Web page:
And when Stage West founder Jerry Russell moved the theater back into this former warehouse on West Vickery, they had four weeks to open it. Schultes – and others – installed seats, put down tiles, painted walls.
Meaning she’s done just about everything a person can do in a theater, other than bricklaying and pouring concrete. So now, at 40, Schultes runs the place. She still acts, still directs – and still finds time to help design the sound for the company’s newest offering, ‘Stupid [Expletive] Bird,’ a sardonic update of Chekhov’s play, ‘The Seagull.’
Even so, Schultes says, with all this experience and work background, “I’m basically flying by the seat of my pants. I’ve never been this busy, and I just keep hoping that no one finds out that I’m just making it up as I go along.”
Maybe. But growing up in Arlington and going to Texas Wesleyan, Schultes already was passionate about theater. And by ‘theater,’ we don’t mean just loving the spotlight. It was the entire experience, it was about creating worlds onstage.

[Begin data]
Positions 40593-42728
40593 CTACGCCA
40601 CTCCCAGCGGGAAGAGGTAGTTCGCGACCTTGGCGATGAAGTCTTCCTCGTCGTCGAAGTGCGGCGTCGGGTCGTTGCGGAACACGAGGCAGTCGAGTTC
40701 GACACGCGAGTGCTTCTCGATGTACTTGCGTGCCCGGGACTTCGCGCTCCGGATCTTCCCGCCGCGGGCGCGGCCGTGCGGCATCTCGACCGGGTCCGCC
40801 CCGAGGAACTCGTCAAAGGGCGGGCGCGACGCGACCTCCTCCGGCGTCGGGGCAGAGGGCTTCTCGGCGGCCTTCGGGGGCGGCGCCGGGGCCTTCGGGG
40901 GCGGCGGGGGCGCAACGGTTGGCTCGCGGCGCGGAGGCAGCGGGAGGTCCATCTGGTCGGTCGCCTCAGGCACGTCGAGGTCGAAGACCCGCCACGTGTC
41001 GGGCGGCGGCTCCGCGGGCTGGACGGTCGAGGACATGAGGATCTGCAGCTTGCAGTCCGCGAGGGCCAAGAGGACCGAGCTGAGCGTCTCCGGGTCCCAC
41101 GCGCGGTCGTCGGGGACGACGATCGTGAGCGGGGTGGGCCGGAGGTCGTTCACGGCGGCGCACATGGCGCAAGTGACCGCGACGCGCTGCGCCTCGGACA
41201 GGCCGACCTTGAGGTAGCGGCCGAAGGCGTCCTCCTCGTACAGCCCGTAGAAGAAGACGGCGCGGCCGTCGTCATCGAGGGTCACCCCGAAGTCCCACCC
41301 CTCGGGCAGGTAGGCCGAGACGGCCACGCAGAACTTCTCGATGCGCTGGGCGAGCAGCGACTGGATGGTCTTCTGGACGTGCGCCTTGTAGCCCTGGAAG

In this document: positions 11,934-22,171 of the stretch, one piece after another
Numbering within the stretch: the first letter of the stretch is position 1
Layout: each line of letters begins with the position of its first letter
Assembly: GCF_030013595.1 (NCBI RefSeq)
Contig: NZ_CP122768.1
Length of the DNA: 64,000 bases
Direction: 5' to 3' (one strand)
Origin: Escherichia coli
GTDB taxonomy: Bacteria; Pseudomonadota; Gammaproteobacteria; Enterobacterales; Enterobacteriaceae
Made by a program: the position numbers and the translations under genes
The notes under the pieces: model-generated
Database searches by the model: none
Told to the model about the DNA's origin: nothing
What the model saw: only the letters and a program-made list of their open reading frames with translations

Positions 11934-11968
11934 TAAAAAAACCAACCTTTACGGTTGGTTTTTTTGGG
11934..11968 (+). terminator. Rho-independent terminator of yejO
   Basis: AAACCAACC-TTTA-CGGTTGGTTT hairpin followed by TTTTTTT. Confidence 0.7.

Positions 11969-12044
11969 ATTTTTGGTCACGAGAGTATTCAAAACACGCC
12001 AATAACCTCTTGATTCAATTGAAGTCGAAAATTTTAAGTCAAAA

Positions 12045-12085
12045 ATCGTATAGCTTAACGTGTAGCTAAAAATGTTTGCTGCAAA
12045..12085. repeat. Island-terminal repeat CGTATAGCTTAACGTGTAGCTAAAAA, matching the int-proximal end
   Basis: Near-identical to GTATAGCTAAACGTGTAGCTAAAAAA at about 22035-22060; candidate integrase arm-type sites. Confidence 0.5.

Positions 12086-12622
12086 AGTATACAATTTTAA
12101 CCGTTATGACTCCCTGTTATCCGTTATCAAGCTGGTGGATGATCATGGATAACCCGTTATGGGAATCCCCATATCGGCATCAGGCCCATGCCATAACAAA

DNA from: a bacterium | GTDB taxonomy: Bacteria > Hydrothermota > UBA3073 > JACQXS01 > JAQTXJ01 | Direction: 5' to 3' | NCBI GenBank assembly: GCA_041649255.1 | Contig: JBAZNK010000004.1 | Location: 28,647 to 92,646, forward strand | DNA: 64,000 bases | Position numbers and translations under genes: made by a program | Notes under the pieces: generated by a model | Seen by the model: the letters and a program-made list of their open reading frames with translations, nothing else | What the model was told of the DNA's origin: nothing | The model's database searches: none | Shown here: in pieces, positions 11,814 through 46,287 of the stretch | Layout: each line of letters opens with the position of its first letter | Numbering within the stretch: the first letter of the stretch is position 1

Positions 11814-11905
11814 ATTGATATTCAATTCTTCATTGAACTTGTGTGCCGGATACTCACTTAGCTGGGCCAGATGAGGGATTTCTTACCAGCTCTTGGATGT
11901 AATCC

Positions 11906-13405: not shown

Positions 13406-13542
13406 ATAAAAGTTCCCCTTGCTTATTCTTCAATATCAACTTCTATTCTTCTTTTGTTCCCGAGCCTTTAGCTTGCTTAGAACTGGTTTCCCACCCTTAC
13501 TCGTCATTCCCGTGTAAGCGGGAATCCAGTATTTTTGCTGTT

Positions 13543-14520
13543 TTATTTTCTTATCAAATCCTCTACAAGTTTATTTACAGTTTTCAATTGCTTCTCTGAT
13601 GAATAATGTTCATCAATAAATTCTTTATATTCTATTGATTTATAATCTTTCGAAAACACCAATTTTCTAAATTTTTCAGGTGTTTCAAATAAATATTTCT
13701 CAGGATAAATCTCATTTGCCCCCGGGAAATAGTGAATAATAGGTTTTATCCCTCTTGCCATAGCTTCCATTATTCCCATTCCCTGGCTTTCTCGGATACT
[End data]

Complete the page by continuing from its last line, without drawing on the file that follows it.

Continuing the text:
“There was no other option for me,” she says. “I lit up watching shows. I was in awe of The. Whole. Thing.”
So perhaps Schultes was destined to run a theater someday. But she more or less inherited running Stage West from Russell, its beloved founder – after he died three years ago. She and longtime Stage West actor-director Jim Covault were co-producers until Covault retired last September, leaving her in charge. But because Jerry Russell was also Schultes’ mentor, that adds even more emotional freight. Running Stage West is both a professional and personal legacy.
“I do think of Jerry often,” she says, “and how important it is to me not only to represent what he wanted but also to lay the foundation for my own legacy.”
“No one,” says Harry Parker,”is more loyal to Jerry Russell than Dana.” Parker is the theater chair at TCU and the managing director of the Trinity Shakespeare Festival. “But she also knows that she’s not Jerry, and the theater needs to be a living, changing entity. I think Dana is brave.”